9. 9. Securing DNSBefore security objectives can be determined, the building blocks of the DNS need to bespecified. DNS includes the following entities: ü  DNS hosting environment Host platform (O/S, file system, communication stack) DNS software (name server, resolver) DNS data (zone file, configuration file) ü  DNS transactions DNS query/response Zone transfers Dynamic updates DNS NOTIFY ü  Security administration Choice of algorithms and key sizes (TSIG and DNSSEC) Key management (generation, storage, and usage) Public key publishing and setting up trust anchors Key rollovers (scheduled and emergency)ü  Install a DNSSEC capable name server implementation.ü  Check zone file(s) for any possible integrity errors.ü  Generate asymmetric key pair for each zone and include them in the zone file.ü  Sign the zone. Load the signed zone onto the serverü  Configure name server to turn on DNSSEC processing. © Copyright 2012 Tata Communications Ltd. All rights reserved. 9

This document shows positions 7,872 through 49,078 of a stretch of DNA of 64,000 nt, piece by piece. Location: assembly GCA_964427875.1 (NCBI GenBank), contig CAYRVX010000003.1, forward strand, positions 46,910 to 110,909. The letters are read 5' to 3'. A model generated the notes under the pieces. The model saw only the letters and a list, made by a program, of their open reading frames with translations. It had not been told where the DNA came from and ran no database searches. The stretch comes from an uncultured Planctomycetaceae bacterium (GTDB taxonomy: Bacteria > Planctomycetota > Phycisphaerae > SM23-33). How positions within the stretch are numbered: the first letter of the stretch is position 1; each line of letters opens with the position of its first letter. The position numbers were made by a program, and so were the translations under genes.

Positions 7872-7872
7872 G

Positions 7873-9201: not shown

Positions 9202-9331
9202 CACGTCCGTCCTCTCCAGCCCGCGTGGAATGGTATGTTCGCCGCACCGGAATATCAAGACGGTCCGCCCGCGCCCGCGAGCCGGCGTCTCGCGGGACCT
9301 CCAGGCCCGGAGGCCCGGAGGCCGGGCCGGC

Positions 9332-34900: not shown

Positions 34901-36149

10. 10. DNSSECDNSSEC provides message authentication and integrity verification throughcryptographic signatures. Before a DNSSEC signed zone can be deployed, a nameserver must be configured to enable DNSSEC processing. In BIND, it is done by addingthe following line to the options statement in the named configuration file (named.conf). DNSSEC featuresoptions { * End-to-end data integrity check.dnssec-enable yes; * DNS data origin authentication.}; * Authenticated denial of existence.After restart, the name server will nowperform DNSSEC processing for DNS Query/response transactions. Digital  Signature  Algorithms,  Min.  Key  Sizes,  and  Crypto  Periods   Key  Type     Digital  Signature  Algorithm  Suite     Key  Size     Crypto  Period  (Rollover  Period)     Key-­‐Signing  Key  (KSK)     RSA-­‐SHA1  (RSA-­‐SHA-­‐256)  unGl  2015     2048  bits     12-­‐24  months  (1-­‐2  years)     Zone-­‐Signing  Key  (ZSK)     RSA-­‐SHA1  (RSA-­‐SHA-­‐256)  unGl  2015     1024  bits     1-­‐3  months  (30-­‐90  days)   DNS  TransacGon  Threats  and  Security  ObjecGves  DNS  Transac+on     Threats     Security  Objec+ves     IETF  Security     (a)  Forged  or  bogus  response     (a)  Data  origin  authen+ca+on    DNS  Query/Response     (b)  Removal  of  records  (RRs)  in  responses     (b)  Data  integrity  verifica+on     DNSSEC     (c)  Incorrect  applica+on  of  wildcard  expansion  rules    Zone  Transfer     (a)  Denial  of  service     (a)  Mutual  authen+ca+on     TSIG     (b)  Tampering  of  messages     (b)  Data  integrity  verifica+on     (a)  Unauthorized  Updates     (a)  Mutual  authen+ca+on    Dynamic  Update     (b)  Tampering  of  messages     (b)  Data  integrity  verifica+on     TSIG,  GSS-­‐TSIG  or  SIG(0)     (c)  Replay  aNack     (c)  Signed  +mestamps     (a)  Spurious  no+fica+ons     (a)  To  prevent  denial  of  service  through   Specify  hosts  from  which  this    DNS  NOTIFY      increase  in  workload     message  can  be  received  TSIG  or  SIG(0)     © Copyright 2012 Tata Communications Ltd. All rights reserved. 10